This species is single-brooded, with a protracted emergence. Adults are on the wing from May into August. Females lay their eggs in large batches, but the newly hatched caterpillars soon disperse. They spin silk threads and float off downwind until they land again by chance. Fortunately they can eat a very wide range of deciduous trees and shrubs. Caterpillars feed only at night, and are full-grown in September. The pupal stage overwinters in the soil and adults emerge the following spring (6).
The Peppered Moth has been widely used as a textbook example of evolution by natural selection. During the industrial revolution, sooty deposits darkened much of the habitat. The melanic form of the moth was first recorded in Manchester in 1848. Within 50 years it had almost replaced the typical form both there and in other industrial areas (5) Classic experiments carried out by Ketterwell during the 1950s suggested that bird predation was the crucial factor. The melanic form was better camouflaged when resting on sooty tree trunks and branches than was the paler typical form, hence it survived better. Conversely, the typical form was at an advantage in unpolluted areas where the tree bark was covered in lichens.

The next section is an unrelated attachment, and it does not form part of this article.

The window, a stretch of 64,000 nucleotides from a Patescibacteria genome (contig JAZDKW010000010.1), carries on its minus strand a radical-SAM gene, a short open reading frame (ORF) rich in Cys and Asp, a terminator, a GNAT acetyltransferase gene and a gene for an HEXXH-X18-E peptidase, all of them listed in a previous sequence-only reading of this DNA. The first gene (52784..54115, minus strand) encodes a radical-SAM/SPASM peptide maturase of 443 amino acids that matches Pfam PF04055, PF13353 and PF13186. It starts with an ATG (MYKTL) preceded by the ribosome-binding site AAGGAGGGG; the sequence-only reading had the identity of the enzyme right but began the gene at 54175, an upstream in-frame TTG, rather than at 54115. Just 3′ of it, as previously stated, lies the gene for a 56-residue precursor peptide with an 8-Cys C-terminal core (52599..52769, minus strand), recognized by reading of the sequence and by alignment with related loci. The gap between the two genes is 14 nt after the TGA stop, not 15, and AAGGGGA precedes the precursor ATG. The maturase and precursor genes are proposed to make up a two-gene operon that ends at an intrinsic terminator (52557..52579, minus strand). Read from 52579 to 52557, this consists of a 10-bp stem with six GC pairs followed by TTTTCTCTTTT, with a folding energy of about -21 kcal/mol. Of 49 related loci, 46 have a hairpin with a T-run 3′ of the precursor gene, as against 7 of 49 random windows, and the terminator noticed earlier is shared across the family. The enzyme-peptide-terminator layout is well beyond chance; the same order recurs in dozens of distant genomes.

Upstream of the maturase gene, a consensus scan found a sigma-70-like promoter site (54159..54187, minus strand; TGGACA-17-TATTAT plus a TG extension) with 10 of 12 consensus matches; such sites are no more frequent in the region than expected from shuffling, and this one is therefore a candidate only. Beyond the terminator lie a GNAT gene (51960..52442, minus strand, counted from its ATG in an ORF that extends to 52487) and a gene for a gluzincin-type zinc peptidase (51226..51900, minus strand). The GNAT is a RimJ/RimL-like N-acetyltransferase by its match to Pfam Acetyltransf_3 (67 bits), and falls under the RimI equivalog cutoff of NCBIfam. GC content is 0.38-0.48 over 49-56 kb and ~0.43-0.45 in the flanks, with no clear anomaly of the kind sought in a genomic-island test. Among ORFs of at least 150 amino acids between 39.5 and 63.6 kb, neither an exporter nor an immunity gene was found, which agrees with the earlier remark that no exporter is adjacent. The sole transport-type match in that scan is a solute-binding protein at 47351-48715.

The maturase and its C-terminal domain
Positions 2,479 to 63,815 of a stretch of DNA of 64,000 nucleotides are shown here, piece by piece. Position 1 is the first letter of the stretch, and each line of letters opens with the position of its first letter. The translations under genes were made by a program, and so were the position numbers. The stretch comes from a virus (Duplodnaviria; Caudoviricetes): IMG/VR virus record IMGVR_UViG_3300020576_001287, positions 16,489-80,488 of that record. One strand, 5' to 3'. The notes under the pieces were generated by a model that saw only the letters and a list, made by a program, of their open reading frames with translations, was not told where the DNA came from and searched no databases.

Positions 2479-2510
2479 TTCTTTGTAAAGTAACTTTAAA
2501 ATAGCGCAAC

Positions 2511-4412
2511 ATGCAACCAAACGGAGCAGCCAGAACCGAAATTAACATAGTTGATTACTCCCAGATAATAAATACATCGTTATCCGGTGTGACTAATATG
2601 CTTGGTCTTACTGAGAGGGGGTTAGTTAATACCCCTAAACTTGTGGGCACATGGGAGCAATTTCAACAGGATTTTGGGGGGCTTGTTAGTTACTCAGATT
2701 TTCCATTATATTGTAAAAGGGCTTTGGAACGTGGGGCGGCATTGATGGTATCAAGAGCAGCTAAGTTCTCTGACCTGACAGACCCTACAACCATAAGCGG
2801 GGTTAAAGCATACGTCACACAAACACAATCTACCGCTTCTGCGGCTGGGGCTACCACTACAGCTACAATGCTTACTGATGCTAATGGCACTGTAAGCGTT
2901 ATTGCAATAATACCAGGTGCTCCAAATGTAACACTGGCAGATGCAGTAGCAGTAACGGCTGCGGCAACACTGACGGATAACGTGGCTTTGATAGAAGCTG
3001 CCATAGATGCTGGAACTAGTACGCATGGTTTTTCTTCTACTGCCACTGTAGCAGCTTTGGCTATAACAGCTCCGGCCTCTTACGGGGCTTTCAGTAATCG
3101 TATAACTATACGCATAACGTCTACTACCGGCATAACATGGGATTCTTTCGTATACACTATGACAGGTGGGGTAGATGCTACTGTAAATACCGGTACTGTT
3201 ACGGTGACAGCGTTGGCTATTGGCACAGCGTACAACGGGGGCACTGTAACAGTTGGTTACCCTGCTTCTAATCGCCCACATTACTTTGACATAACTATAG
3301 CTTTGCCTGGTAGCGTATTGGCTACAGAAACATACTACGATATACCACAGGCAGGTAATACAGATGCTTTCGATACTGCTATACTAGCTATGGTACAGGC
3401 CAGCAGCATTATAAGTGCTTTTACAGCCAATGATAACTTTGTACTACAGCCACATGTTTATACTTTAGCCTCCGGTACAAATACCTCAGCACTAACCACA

In recent years, various doubts have been cast on this simplistic explanation, and less fairly on the quality of Keterwell’s work (5) (7). While his pioneering experiments were undoubtedly flawed when judged by modern standards, his basic premise is still accepted by most evolutionary biologists. Although the full picture may well have been more complicated.
Following the Clean Air Acts, introduced from 1964 onwards, smoke pollution and soot deposition have been greatly reduced. The melanic form of the Peppered Moth has now lost its advantage and undergone a dramatic decline in frequency. It is now scarce in areas where it previously dominated and may soon disappear completely. Whatever the finer details of its rise and fall, the carbonaria story is a fascinating one.